Think about this example. Is this pain I feel appendicitis? Constipation? Gas? Intestinal blockage? All of these and more must be considered before taking action. Do you sit on the toilet or rush to the emergency room?
The two (at least) rules outs are: Social Communication Disorder and Schizotypal Personality Disorder. Do an online search to learn more as I won't get in the weeds on this for the purposes of this post.
Why am I saying this, parents? DON'T PRESSURE THE EVALUATOR. DON'T DEMAND DRIBBLES OF RESULTS. All of the data has to be gathered and put together like a puzzle. Contain yourselves.
As for Colleen, I've recommended the following steps:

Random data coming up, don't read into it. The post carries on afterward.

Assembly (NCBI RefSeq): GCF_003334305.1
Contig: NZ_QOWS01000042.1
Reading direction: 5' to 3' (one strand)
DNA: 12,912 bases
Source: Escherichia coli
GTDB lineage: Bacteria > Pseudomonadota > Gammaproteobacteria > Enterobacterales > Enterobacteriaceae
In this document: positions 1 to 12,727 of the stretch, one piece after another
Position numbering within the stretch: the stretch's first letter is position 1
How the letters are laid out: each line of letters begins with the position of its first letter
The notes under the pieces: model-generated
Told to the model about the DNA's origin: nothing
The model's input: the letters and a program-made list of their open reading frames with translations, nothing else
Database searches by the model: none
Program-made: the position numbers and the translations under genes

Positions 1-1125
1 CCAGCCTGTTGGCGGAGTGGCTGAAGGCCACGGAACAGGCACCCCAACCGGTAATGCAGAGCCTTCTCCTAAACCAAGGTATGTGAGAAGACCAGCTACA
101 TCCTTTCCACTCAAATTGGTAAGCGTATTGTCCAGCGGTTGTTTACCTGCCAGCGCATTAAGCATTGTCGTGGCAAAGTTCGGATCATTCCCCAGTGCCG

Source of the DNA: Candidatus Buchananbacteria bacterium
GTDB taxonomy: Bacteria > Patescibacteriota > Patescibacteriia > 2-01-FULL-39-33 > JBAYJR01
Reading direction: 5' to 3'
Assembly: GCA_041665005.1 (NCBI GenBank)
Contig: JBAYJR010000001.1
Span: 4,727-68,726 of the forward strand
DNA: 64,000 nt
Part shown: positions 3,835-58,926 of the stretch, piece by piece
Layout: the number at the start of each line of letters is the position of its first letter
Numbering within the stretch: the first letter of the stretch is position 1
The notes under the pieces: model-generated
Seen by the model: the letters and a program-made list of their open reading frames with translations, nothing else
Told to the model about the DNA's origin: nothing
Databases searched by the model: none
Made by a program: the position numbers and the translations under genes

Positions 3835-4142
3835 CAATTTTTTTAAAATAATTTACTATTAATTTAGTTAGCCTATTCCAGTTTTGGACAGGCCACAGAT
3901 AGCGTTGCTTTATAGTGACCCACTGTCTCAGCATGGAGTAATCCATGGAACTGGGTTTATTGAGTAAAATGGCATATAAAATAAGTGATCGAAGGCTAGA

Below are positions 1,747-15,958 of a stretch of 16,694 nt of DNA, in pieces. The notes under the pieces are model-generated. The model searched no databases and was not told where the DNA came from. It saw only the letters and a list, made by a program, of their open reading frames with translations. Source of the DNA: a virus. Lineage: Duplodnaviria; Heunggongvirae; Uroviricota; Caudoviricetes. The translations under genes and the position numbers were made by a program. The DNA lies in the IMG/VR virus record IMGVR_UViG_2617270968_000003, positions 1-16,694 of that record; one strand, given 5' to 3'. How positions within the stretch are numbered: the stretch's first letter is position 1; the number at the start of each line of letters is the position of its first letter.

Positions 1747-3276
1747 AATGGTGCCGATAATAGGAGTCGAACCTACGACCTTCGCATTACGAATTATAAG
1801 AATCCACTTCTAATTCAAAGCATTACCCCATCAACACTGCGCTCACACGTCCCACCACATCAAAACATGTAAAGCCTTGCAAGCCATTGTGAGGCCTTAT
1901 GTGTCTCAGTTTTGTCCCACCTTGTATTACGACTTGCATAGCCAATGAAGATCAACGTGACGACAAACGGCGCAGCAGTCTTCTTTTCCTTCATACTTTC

A. Contact the local chapter of Autism Speaks and ask for a referral for an assessment for a young adult.
B. If you strike out there, go online to your county's psychological association and look at their referral list. Find 2-3 clinicians who conduct assessments. In order to give certain tests, they must be Licensed Psychologists. Contact them. If they can answer your questions about their ability to perform such an assessment, go see them first and pick out one that you think your son can work with. Go for an interview to see how the clinician handles it.
C. You absolutely need to go through this process to avoid a false start. Incidentally, some tests can be given only once a year, so if you have a false start and one of these "once a year" tests has been given, you could compromise the results.
D. However long it takes and no matter what kind of hoops you have to go through, this process must be done in a way that makes the clinician confident that the data is valid and tells the truth about your young person's functioning. Their lives really do depend on it.